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Hwaseong Fortress

Hwaseong Fortress or Suwon Hwaseong is a fortification surrounding the centre of Suwon, the provincial capital of Gyeonggi-do, in South Korea. It was built from 1794 to 1796 by King Jeongjo of the Joseon dynasty to house and honour the remains of his father, Prince Sado. Sado had been executed by being locked alive inside a rice chest by his own father King Yeongjo after failing to obey a command to commit suicide. Located 30 kilometres south of Seoul and enclosing much of central Suwon, the fortress includes King Jeongjo's palace Haenggung; the fortress and enclosed palace were designated as a World Heritage site by UNESCO in 1997. It comprises among many other features the palace, a perimeter wall, four main gates, two sluicegates over the Suwoncheon, Suwon's main stream, which flows through the centre of the fortress. King Jeongjo built Hwaseong Fortress to prepare for a move of the capital from Seoul to Suwon. Suwon was purported to be strategically positioned to connect Seoul with China.

The king wanted to leave the factional strife of the court to carry out reforms and believed that Suwon had the potential to grow into a new and prosperous capital. To encourage growth, he ordered people to move to Suwon at considerable expense and exempted them from taxes for ten years. King Jeongjo ordered public works, such as the building of educational facilities to better facilitate the city as a capital. Hwaseong Fortress was built over a two and a half-year period, from 1794 to 1796 according to the designs of the architect Jeong Yakyong, who would become a renowned leader of the Silhak movement. Silhak, which means practical learning, encouraged the use of science and industry, Jeong incorporated fortress designs from Korea and China along with contemporary science into his plans; the use of brick as a building material for the fortress and employment of efficient pulleys and cranes were due to the influence of Silhak. Construction of the fortress was a response to the collapse of the Korean front line during the Imjin war.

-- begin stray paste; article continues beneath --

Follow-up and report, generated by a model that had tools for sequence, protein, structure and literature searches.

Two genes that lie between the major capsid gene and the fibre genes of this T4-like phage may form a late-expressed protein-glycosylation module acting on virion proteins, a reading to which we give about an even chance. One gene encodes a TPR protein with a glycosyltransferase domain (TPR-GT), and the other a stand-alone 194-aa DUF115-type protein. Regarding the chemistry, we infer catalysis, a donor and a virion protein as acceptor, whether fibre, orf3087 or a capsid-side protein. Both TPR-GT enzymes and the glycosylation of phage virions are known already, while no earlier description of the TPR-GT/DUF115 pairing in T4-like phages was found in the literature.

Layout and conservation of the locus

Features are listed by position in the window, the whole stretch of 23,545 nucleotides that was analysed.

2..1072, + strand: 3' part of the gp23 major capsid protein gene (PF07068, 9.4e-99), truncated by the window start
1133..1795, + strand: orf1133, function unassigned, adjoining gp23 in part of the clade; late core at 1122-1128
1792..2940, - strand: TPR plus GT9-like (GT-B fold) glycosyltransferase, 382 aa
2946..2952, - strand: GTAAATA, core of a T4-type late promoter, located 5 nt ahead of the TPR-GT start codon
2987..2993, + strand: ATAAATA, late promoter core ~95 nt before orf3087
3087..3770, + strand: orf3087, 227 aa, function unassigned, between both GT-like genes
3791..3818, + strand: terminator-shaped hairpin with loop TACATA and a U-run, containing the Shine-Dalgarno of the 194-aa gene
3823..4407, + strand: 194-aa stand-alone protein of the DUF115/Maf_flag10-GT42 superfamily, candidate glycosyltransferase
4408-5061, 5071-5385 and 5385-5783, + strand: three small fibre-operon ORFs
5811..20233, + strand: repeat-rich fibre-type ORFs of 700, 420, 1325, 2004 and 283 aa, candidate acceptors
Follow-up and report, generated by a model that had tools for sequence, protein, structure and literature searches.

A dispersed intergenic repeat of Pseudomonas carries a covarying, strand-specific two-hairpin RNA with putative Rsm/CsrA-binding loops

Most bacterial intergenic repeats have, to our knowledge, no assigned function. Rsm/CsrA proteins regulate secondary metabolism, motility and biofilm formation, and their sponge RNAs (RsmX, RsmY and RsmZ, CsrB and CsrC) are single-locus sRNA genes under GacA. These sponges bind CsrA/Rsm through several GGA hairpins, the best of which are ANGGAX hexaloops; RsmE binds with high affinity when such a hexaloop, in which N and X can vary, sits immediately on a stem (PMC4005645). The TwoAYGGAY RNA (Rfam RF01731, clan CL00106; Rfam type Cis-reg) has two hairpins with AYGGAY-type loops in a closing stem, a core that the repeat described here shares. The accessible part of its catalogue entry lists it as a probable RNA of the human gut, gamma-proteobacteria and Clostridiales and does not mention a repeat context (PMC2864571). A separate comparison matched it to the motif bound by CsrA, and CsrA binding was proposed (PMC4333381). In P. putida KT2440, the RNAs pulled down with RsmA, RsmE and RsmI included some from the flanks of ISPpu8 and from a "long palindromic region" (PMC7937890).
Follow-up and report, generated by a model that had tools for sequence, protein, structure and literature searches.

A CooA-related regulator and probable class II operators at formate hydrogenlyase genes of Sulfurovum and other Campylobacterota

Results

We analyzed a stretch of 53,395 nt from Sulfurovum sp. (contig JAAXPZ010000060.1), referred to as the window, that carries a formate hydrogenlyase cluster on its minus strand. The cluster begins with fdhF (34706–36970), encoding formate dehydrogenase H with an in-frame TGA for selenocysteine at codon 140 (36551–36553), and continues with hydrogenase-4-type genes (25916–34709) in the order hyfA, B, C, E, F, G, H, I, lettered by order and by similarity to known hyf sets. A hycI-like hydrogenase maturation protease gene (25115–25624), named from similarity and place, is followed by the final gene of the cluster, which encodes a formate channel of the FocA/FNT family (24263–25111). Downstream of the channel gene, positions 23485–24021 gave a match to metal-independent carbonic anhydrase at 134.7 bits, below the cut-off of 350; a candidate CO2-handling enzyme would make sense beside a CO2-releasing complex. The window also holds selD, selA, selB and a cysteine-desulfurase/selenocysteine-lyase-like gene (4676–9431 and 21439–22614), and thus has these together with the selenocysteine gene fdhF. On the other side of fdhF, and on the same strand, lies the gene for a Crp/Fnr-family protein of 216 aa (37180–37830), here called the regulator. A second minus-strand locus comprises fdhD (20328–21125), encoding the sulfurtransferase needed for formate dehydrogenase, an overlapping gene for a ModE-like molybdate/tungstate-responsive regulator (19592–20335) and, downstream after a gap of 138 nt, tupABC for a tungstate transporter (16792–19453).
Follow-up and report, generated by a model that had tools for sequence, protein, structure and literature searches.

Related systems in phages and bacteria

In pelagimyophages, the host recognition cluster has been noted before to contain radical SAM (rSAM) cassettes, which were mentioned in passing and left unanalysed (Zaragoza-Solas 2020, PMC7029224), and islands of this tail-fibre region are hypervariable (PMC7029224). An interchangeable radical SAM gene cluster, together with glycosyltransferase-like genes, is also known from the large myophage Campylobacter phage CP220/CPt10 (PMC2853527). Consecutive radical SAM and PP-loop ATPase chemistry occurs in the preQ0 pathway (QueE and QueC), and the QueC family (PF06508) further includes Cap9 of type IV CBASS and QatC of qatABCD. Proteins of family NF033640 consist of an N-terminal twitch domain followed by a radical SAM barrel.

At the time, the dominant model for building fortresses in Korea was to make a simple wall for the city or town and a separate mountain fortress to which the people could evacuate in times of war. However, this fortress was built to include elements of a wall, defensive fortress, town centre, the four main gates being used as the gates for the town; the arrow-launching platforms built along ramparts with crenellated parapets and battlements were defensive elements of the fortress while the wall included secret gates for offensive actions. The fortress took 700,000 man-hours to build and cost the national treasury 870,000 nyang, the currency at the time, 1500 sacks of rice to pay the workers. In the past, government work had been carried out by corvée labour, but in this case workers were paid by the government, another sign of Silhak influence. A white paper, Hwaseong Seongyeok Uigwe, was published in 1801, shortly after the death of King Jeongjo, it has ten volumes and proved invaluable for the reconstruction effort in 1970 after the fortress had been damaged during the Korean War.